I remember my own words now. I remember the other night, when I saw the Spider-Man stuff on TV, the comic-book sets and the villains and the swoopy choreography and the loopy lyrics, and I thought: This looks stupid.

 

So I hope they keep up the tradition. I hope they break through the barrier, and work out the kinks in the aerial stuff.

 

I hope it turns out to be a triumph.

 


 

 

Advertisements

Cracking the Bullwinkle code


Pop quiz!

 

Explain the following jokes:

 

  1. Newspaper headline in a Rocky & Bullwinkle cartoon: ROCKET HITS MOON. WALLY OUT FOR SEASON.

  2. Bullwinkle, having been rescued from a pit full of poisonous snakes, leans back over the pit before he leaves and says, “Goodbye, Olivia!”

  3. Indians in a Peabody & Sherman cartoon attack the settlers by throwing Charlie Barnet records at them.

  4. Peabody says: “I have a theory, Sherman.” Sherman says: “Chateau theory, Mister Peabody?”

  5. Bullwinkle finds a ruby-encrusted model boat with the words OMAR KHAYYAM written on it. It is, of course, the Ruby Yacht of Omar Khayyam.

  6. Rocky and Bullwinkle plan an escape through Pennsylvania: “We’ll travel by night and rest in Scranton. There’s a farmer who lives near Gettsyburg who’ll put us up for a few days.”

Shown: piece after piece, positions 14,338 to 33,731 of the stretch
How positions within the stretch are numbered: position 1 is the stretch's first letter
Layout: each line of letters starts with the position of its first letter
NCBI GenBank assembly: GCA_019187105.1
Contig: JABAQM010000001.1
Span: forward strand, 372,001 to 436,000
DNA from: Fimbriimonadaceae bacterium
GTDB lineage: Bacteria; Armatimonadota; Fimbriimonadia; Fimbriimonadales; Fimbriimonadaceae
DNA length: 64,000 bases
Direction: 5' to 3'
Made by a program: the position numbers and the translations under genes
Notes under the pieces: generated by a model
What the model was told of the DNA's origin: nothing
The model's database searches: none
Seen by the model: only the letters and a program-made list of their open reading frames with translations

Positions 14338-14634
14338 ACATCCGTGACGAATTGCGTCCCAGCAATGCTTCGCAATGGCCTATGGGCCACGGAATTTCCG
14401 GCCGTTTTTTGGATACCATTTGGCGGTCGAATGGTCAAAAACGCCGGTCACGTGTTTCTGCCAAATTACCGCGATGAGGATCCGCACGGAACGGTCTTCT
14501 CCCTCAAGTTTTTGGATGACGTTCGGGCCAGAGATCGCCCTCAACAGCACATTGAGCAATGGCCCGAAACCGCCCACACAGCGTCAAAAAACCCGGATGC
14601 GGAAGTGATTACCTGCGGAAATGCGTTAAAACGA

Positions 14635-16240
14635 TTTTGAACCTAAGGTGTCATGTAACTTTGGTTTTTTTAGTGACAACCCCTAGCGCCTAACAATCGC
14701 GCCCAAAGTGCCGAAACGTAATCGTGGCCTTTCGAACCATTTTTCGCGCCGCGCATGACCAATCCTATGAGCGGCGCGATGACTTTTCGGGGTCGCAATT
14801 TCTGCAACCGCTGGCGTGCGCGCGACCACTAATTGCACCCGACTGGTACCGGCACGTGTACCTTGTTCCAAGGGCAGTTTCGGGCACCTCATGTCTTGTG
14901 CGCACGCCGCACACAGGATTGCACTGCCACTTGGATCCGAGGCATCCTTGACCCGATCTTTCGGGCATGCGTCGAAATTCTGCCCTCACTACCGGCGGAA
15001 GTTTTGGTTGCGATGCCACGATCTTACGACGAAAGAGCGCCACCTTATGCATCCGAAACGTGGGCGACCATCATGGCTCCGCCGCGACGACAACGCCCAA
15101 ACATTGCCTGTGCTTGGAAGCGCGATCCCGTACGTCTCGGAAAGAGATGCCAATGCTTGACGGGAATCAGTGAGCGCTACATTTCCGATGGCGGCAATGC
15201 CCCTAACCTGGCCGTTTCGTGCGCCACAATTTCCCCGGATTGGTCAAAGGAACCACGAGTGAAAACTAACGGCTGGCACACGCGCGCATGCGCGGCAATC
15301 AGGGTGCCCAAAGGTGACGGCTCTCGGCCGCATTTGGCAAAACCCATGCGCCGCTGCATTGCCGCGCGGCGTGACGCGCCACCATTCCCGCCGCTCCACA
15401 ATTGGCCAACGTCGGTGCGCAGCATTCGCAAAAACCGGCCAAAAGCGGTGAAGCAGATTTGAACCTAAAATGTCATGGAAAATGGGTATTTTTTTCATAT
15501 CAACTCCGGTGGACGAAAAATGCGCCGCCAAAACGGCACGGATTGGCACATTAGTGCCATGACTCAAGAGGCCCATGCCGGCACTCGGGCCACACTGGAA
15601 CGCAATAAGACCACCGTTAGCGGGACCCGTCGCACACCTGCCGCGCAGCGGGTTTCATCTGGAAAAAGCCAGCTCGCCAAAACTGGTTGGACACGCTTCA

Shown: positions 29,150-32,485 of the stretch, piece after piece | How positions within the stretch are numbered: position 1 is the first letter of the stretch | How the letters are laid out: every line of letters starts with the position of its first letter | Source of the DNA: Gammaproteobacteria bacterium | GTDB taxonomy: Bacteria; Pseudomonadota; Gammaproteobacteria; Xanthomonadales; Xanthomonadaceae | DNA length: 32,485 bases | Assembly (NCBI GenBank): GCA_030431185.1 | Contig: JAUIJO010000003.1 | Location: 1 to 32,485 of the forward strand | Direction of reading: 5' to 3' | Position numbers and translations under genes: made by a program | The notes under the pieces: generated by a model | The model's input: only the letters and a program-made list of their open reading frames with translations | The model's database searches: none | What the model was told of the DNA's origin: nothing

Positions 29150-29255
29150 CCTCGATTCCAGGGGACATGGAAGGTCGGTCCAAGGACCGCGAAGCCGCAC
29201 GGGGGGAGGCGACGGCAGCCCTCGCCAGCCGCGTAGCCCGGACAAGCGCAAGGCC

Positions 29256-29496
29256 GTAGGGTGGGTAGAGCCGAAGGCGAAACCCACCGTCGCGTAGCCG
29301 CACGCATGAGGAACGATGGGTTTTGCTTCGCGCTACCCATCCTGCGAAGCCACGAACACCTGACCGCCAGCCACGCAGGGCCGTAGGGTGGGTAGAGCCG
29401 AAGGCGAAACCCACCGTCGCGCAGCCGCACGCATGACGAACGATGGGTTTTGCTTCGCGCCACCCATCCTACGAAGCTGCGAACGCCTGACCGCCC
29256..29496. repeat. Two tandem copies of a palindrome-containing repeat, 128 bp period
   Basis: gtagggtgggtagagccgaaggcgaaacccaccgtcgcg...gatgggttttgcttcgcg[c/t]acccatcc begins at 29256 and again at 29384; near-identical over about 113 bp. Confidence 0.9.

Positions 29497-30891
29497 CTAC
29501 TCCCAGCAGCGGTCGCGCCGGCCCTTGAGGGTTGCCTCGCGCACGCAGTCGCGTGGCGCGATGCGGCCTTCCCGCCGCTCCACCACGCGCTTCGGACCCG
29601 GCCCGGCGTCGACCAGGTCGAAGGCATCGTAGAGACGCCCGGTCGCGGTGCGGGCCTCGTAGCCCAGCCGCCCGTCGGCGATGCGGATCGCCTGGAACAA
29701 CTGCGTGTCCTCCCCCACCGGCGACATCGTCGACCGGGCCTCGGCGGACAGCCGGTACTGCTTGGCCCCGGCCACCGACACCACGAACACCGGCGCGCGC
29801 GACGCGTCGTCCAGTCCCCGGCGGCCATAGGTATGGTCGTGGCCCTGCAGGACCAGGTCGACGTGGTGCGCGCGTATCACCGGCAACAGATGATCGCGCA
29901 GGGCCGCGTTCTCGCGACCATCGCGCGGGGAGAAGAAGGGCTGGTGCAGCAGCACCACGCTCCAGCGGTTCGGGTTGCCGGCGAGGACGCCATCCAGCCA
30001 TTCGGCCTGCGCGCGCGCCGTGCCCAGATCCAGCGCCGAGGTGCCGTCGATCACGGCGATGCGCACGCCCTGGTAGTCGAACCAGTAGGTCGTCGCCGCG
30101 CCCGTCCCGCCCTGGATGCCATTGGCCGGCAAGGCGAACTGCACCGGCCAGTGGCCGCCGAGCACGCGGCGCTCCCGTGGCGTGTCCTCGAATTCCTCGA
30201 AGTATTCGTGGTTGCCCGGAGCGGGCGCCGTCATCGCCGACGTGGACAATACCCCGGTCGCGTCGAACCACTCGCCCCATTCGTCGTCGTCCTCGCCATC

These are, of course, all from Jay Ward cartoons. I watched these cartoons when I was very young. I laughed like hell at all these jokes. And I had no idea what they meant.

 

Kids learn culture by watching and imitating; they’re eager to figure out this mysterious complicated thing called Adult Life, and there’s no instruction manual, so they have to figure out how to act, what to say, and what things mean. So they pay attention, and they struggle very hard to figure things out. Nothing is too insignificant for analysis.

 

Here’s what I learned: adults speak in code. Sometimes you could crack the code, and sometimes you couldn’t. Sometimes you had to act as if you understood, even if you didn’t. And there was always something more to learn.

 

I don’t know about you, but I’m still figuring out the code.

 

Answers: